6 Ways for Teens to Protect Their Mental Health on Picture-Perfect Instagram

When you’re still trying to figure out who you are and what you value, looking at pictures of unreasonably pretty people living seemingly carefree lives is bound to make you feel insecure and inadequate. That was true back in my own teenage years, when my models for style and beauty were literally models (or actors) in magazines. And I’m not surprised to learn that it’s just as true for today’s teens looking at the carefully curated images of “influencers” on Instagram.

And even though I can’t say I was completely surprised by recent research into how Instagram is affecting teens’ mental health, I found some of the details pretty shocking. One in three teen girls, and one in seven teen boys, say Instagram makes them feel worse about themselves. Almost 40% of Instagram users blame it for their feelings of being “unattractive.” Worst of all, up to 13% of the teens in the study who’ve had suicidal thoughts say they can trace them back to Instagram use.  

 We all need to connect with friends, especially at times when we can’t be with them in person. Being able to share photos of everything from new shoes to what we had for lunch can be a great way to do that. So I’m not about to say that teens shouldn’t use Instagram. But I do think it’s crucial for them to be mindful about it, and make sure they use it in ways that support their mental health and stay attuned to when their self-esteem starts tanking. 

 Here are some guidelines the young (and yes, even the not-so-young) adults in your life might find useful: 


  • Interact! Scrolling social media without actively posting or commenting is linked to depressive symptoms in adolescents – so make sure you engage with your friends instead of just staring at what they’re doing. After all, it’s called social media for a reason!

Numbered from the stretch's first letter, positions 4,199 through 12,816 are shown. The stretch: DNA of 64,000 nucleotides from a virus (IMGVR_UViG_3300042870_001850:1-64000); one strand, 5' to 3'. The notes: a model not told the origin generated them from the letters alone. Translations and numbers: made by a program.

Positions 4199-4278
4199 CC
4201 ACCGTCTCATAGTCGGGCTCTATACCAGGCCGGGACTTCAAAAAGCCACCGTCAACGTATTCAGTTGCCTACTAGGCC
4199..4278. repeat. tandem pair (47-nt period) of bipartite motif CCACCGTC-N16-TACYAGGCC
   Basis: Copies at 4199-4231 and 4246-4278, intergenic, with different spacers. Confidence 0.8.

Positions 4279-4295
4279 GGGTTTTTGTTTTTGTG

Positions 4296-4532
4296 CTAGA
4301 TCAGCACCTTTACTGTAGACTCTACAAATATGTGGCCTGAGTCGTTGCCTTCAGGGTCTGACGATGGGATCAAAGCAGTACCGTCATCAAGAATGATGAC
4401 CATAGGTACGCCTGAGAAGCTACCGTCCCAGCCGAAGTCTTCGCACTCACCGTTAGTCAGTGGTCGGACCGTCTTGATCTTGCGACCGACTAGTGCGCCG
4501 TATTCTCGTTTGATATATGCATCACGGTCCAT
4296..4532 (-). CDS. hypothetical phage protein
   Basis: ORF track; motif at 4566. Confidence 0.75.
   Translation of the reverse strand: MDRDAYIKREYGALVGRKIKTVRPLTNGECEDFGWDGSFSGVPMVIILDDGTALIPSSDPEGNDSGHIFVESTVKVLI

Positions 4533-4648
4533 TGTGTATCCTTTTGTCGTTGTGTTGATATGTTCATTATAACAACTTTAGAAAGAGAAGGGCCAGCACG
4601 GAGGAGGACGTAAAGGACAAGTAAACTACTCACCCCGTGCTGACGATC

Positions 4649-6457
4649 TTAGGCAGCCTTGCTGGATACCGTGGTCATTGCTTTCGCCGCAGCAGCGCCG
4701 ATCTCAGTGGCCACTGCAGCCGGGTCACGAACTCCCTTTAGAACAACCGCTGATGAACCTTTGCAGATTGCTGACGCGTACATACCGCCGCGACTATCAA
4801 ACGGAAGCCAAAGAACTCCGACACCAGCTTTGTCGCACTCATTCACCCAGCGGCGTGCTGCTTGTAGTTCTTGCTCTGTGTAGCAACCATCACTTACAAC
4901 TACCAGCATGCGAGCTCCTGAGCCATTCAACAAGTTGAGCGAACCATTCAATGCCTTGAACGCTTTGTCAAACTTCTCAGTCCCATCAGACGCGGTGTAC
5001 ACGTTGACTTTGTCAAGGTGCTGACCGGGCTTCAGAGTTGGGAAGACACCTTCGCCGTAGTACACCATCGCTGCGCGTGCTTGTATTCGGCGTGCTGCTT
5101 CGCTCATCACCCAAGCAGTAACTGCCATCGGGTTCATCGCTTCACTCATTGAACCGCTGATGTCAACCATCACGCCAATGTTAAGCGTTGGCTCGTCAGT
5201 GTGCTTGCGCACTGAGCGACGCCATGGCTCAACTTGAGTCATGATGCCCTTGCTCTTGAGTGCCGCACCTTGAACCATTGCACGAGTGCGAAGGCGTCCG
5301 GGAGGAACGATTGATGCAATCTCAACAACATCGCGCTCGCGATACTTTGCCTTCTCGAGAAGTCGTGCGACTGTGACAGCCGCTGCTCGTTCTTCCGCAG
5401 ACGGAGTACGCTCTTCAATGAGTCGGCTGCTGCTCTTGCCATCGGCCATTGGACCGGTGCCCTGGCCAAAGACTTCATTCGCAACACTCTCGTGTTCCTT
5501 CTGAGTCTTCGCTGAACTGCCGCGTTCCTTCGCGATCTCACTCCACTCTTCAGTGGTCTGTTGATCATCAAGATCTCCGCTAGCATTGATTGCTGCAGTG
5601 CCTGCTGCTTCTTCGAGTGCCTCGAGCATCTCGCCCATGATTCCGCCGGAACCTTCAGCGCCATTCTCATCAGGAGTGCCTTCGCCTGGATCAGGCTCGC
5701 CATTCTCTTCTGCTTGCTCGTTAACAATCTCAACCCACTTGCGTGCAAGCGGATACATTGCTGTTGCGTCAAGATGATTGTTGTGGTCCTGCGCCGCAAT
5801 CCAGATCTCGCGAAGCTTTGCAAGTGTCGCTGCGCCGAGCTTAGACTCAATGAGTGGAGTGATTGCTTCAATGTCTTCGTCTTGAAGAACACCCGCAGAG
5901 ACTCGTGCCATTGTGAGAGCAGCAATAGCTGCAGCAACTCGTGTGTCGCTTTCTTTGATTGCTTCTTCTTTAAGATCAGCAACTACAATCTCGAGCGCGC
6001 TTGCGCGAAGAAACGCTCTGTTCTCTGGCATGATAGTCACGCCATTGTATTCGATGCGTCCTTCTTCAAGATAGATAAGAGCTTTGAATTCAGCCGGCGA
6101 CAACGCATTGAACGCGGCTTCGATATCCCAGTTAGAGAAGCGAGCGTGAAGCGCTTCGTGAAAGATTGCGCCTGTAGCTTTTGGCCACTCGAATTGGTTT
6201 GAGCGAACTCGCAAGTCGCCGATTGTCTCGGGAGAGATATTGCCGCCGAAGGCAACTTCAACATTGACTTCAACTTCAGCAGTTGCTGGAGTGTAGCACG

• Log off when it gets dark. Young people who use social media at night are more likely to have poor sleep, low self-esteem, and high levels of depression and anxiety. 


  • Remember that nobody’s life is picture-perfect all the time. What you get on Instagram is usually a highlight reel designed to create an image, polish a brand, and get your attention. All the scruffy, scary, embarrassing, disappointing bits get edited out, and what’s left is often tweaked and filtered to make it look better.   


  • Do something offline to turn down the volume on negative thoughts. Playing with a pet, getting out in nature, hanging out with your friends, or doing a service project that helps others are all proven ways to head off defeatist feelings. 


  • Take an Insta break. Remove the app from your phone for a day, week, or month so you can focus on other things. If you take some really great photos during that time, you can always post them as #latergrams when you come back! And if you’re struggling emotionally and social media is making you feel worse, you can also decide not to come back at all.   


  • Listen to some of our guided meditations! Guided imagery has been shown in clinical trials to help people manage their moods and reduce the stress in their lives. And by directing attention on their own internal feelings, values, images and sensations, these audios help listeners stop comparing themselves negatively to others. We’ve made a list of audios especially for teens that will tackle everything from anxiety and depression to procrastination and sleep problems. It’s another great way to use your phone – no filters or hashtags required. ????